GST Reforms a Must to Help Real Estate Sector Sustain Growth Momentum

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GST Reforms a Must to Help Real Estate Sector Sustain Growth Momentum

Real Estate can be considered as a barometer of the ‘real’ health of an economy. The development of real estate not only creates direct and indirect employment but also aids growth in various ancillary industries. According to IBEF, the sector’s contribution is required to arrive at 13 percent of the Indian GDP by 2025.

The Covid outbreak has acquired new challenges for the sector, which was already experiencing liquidity issues, delay in development and possession, and growing stock. The pandemic has thrown new strategic dimensions. Work from home has become a reality in a span of few months, prompting an effect on the demand for commercial property, preference to won over the lease, upgraded digitization, sway on ‘walk to office’ vis-à-vis peripheral affordable location, etc

The real estate industry has seen a few changes in the taxation framework since the introduction of the GST regime in July 2017. Starting today, the sale of a ready property is outside the domain of GST, and an under-development property is charged at 1 percent (for moderate lodging) and 5 percent (other private) with any input tax credit. To reduce the impact of the cost of acquisition to the buyer, the reduction of 33 percent towards the estimation of land should be returned to, as in numerous urban areas the cost of land is fundamentally higher. This won’t just reduce the burden of tax on the purchaser yet will likewise guarantee that the sacredness of the fundamental principle to reject the offer of land from the domain of GST is kept up.

There is an ambiguity in terms of the applicable rate (i.e. 5 percent or 18 percent) for certain charges (such as infrastructure development charges, provision of electricity and water, society formation, etc.) recovered by the developers.

While there is a likelihood that such charges are liable to 5 percent as a component of the naturally bundled composite supply of development of complex services, to eliminate uncertainty and align the taxation practice in the business, the government can issue a circular to explain the issue. As of now, the adjustment (for example credit note) of GST paid in the past monetary year is permissible till September 30 of the subsequent year. By and large, development takes around four-six years, and thinking about the pandemic/liquidity and different variables, the purchaser may drop the booking.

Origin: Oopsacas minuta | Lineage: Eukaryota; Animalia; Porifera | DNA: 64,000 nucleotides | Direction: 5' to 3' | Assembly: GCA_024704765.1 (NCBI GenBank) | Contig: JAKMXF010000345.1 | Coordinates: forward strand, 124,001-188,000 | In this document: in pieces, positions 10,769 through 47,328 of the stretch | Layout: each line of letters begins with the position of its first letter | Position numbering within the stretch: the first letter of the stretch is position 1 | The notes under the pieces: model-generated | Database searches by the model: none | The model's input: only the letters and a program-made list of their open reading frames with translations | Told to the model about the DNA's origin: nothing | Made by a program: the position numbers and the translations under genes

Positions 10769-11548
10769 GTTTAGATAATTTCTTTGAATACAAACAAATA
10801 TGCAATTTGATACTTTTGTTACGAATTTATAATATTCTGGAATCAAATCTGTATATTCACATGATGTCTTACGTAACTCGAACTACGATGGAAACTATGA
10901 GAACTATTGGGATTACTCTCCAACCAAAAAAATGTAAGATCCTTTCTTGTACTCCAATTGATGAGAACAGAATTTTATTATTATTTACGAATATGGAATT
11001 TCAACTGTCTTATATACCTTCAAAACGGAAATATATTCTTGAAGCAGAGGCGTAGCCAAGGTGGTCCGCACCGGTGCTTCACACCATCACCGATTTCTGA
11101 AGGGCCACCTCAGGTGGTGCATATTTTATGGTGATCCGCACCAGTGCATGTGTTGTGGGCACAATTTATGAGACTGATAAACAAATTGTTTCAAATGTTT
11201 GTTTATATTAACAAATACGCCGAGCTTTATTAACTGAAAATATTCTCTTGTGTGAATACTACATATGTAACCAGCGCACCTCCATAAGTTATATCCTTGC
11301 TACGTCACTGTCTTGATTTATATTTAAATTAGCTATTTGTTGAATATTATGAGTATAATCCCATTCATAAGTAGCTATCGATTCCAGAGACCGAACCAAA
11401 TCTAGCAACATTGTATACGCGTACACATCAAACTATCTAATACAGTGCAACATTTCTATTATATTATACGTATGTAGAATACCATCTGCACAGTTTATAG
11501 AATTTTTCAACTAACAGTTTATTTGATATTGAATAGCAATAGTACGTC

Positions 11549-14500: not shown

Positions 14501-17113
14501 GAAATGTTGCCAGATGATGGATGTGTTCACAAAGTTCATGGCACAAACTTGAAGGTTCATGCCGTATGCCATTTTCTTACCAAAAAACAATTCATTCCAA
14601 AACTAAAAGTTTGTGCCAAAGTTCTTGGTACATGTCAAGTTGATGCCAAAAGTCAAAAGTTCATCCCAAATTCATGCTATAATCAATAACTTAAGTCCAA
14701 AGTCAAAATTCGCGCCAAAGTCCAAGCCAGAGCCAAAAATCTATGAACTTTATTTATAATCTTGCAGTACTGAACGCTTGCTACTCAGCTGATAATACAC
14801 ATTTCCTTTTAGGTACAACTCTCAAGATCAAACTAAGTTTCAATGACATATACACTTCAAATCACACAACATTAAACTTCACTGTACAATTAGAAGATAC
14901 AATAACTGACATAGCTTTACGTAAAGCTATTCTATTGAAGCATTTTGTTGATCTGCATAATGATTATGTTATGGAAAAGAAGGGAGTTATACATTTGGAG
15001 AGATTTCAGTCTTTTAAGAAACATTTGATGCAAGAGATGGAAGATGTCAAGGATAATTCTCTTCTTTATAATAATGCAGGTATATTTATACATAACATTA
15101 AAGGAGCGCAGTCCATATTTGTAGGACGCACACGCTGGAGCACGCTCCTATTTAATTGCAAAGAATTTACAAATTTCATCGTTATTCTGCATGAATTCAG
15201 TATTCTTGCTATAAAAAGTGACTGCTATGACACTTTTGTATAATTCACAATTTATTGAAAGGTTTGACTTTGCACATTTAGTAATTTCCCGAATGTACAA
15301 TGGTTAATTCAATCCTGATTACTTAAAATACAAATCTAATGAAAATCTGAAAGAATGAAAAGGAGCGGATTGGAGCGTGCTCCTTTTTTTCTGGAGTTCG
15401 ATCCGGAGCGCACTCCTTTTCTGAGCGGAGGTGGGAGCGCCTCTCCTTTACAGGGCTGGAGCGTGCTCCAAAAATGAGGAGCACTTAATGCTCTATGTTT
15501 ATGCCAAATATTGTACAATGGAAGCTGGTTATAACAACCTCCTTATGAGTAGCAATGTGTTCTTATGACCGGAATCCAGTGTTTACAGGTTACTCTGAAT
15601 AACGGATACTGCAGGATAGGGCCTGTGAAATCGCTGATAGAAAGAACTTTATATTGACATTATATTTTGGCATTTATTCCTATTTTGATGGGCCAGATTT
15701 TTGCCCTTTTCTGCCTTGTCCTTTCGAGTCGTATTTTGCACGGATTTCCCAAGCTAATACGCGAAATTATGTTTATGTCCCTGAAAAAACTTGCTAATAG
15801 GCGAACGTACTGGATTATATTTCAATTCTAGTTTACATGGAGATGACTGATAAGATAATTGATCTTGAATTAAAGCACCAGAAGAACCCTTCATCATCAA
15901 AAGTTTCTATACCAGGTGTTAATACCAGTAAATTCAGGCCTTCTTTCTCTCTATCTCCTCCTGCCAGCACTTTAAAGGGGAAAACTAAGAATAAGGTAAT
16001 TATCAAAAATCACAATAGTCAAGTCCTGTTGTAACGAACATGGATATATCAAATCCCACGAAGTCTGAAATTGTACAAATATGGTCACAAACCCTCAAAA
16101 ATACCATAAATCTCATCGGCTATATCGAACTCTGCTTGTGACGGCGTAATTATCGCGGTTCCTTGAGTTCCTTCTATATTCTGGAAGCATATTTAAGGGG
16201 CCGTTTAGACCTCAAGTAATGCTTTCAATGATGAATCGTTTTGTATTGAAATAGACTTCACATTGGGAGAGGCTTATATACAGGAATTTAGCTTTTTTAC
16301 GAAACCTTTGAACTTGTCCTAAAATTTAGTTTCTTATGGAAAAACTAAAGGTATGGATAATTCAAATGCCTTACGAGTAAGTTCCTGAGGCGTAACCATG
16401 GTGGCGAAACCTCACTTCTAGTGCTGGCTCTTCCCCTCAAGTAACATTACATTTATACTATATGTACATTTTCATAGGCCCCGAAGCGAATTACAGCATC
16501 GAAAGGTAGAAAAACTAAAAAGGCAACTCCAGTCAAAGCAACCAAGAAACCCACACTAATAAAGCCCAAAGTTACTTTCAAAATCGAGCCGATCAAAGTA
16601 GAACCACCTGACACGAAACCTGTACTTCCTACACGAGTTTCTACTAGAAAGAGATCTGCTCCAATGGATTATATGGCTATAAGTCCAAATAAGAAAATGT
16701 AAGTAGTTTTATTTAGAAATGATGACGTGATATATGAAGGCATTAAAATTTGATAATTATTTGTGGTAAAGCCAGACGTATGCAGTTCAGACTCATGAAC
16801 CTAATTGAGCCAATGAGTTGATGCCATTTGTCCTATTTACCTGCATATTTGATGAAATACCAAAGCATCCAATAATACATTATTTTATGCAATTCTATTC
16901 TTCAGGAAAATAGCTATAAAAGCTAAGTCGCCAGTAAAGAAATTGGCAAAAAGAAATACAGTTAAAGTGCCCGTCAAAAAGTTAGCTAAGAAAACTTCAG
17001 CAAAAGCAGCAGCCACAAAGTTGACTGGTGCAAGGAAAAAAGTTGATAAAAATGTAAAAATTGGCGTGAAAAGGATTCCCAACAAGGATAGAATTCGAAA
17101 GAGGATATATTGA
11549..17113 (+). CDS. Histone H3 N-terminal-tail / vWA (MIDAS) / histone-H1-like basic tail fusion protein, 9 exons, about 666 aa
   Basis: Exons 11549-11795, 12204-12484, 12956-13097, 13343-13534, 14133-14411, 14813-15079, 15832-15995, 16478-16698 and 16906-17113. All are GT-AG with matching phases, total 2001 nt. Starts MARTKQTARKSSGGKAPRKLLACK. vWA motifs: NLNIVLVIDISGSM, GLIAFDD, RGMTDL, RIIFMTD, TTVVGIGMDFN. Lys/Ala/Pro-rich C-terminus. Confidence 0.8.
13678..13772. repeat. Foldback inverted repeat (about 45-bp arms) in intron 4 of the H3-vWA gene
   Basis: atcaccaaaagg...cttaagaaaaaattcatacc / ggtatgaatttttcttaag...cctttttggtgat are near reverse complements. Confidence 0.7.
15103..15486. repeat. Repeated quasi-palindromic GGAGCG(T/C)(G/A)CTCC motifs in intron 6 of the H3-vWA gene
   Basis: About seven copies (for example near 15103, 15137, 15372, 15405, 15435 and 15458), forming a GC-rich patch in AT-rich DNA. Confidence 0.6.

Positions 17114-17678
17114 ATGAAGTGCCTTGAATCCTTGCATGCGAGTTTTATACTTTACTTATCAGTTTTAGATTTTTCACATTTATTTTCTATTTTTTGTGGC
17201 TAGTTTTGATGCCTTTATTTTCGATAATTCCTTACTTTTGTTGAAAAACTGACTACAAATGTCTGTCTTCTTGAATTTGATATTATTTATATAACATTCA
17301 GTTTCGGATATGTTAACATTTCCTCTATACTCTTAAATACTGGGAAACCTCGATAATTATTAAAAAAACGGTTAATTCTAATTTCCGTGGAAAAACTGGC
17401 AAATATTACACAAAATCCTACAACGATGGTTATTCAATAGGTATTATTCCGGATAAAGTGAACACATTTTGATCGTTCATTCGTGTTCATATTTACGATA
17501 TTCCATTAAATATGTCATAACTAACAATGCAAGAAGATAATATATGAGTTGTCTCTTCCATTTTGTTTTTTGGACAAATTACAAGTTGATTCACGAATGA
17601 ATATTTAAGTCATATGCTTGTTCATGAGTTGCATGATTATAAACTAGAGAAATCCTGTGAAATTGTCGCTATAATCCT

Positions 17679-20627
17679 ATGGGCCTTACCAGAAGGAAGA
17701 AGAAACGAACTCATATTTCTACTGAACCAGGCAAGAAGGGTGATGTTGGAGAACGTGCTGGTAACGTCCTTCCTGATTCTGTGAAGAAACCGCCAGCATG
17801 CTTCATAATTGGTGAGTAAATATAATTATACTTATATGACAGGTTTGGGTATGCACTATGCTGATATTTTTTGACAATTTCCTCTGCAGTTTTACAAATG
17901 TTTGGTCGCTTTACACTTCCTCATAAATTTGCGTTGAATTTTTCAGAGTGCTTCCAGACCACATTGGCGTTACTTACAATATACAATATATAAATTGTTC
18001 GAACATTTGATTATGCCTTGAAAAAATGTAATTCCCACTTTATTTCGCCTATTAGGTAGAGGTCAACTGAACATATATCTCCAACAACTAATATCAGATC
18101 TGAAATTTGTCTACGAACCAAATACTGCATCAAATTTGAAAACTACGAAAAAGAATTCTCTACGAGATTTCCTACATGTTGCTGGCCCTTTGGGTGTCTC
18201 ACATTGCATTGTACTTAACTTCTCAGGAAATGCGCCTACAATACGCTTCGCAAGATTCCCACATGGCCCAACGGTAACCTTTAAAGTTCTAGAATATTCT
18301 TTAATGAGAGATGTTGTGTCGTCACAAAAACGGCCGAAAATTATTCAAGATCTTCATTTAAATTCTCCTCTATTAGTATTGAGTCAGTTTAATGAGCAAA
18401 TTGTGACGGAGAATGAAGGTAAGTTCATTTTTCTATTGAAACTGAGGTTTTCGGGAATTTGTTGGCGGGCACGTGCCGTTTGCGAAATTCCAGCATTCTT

In such cases, the refund of the GST already paid isn’t available if the cancellation is effected after September 30 quickly following the earlier year. Accordingly, there is a need to return to the limitation period to claim such adjustment. This amendment will assist homebuyers with looking for a refund of their hard-earned cash in case of cancellation. The sale of a completed property pulls in just stamp obligation, though the offer of an under-construction property draws in both GST and stamp obligation, leading to an increased cost to the consumer, whose only aim is to purchase a house. Subsequently, to address the issue of double taxation, the stamp duty should be subsumed in the GST system.

Furthermore, those constructing the commercial property for rent are grappling with the issue of denial of Input Tax Credit (ITC) for the construction of the building. While the Center has favored an appeal before the Supreme Court, the industry expects that the government grants ITC to keep up the value chain as cherished in the idea of GST.

The designer is needed to invert ITC with respect to apartments sold after completion. There is uncertainty regarding the way where such inversion is needed to be attempted: a) regardless of whether ITC for the period in which the flats were sold; or (b) whether ITC and turnover for the previous period when the ITC was availed is to be thought of.

On the off chance that ITC is to be considered for the period when the flat was sold, at that point the inversion sum could be generally little. An explanation by the government can bring more assurance on the tax treatment and reduce litigation.
As the pandemic has reduced economic activity and has hit growth and sentiments, the government should consider and address the challenges faced by the real estate sector to support the growth momentum, which, in turn, can lead to economic recovery.

For more information, visit the website of All India ITR

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